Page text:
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King County Council considers permanent gun give-back program

Four King County council members are proposing a permanent gun give-back program for the county — Rod Dembowski, Jeanne Kohl-Welles, Joe McDermott and Girmay Zahilay.

King County has conducted firearm return efforts in the past. But the current proposal would establish a permanent program. The idea is to offer people the ability to turn in firearms and ammunition to any sheriff's precinct, or other approved location. KIRO 7 reports that 716 firearms were turned in to King County during a return program in 2013; a total of 1,172 guns were handed over to the Seattle Police Department in 1992.

It is unclear if the proposal aims to set up a "buyback" program, or a voluntary hand-over situation. King County already has a voluntary program for people to turn in unwanted weapons and ammunition, according to the King County Sheriff. And the Council proposal itself does not mention the words "buy" or "buyback." However, Councilmember Rod Demobowski did use the term "buyback" while talking with KING5 about the proposal. The proposal itself does suggest looking into providing "monetary or other incentives to encourage community participation in the program."

The proposal cites current trends of mass shootings, including the racist incident in Buffalo, New York, as well as the elementary school shooting in Uvalde, Texas. It further notes that King County has experienced rising gun violence in recent years — shots fired in the county were up 54% in 2021, shooting victims were up 70%, and fatal shootings were up 54%.

The proposal also states: "the 460 shooting victims reported in 2021 were disproportionately people of color at 81% and 48% of fatal and nonfatal victims identified as Black."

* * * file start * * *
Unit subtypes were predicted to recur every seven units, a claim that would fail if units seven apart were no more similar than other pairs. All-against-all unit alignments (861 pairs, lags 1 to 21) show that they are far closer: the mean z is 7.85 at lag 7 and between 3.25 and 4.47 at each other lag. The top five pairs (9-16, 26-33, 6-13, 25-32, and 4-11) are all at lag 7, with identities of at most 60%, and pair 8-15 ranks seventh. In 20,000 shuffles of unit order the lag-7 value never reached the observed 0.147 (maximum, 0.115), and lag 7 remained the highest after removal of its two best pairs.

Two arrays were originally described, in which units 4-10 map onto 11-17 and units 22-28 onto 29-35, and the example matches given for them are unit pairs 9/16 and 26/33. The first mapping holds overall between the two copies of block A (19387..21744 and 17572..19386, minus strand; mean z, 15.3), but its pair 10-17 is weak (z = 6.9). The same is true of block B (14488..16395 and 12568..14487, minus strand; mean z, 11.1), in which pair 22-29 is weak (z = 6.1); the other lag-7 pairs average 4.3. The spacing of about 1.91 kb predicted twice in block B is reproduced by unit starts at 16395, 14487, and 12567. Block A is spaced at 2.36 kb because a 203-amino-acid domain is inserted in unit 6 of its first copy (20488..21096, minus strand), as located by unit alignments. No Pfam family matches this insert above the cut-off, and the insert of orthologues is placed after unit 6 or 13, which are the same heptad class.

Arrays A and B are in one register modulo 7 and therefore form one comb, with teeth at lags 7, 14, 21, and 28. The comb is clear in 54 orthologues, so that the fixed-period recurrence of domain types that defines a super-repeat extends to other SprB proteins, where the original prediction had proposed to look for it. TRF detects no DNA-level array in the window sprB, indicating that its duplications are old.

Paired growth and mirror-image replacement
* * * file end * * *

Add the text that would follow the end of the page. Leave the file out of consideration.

The Council's proposal doesn't set up the program itself. Rather, it requests that the King County executive research the feasibility of such an effort, and develop a plan to implement one.

Along with an uptick in shootings, the region has also experienced a surge in the presence of guns. The Seattle Police Department ran 6,707 background checks for gun purchases in 2019. That's on par with the years before that. That number more than doubled in 2020 — 15,825 background checks. In 2021, Seattle ran 10,766 checks.

The King County Sheriff's Office covers unincorporated parts of the county, as well as about a dozen communities (Sammamish, Maple Valley, the Muckleshoot Tribe, for example). KCSO ran 14,999 background checks for firearms in 2019. In 2020, it ran 28,522 checks. In 2021, it ran 25,923.

The background checks are performed by the law enforcement agency where the customer lives, and a single check could be run for a transaction with multiple firearms. They therefore indicate where the guns are going home to after they are picked up from a store.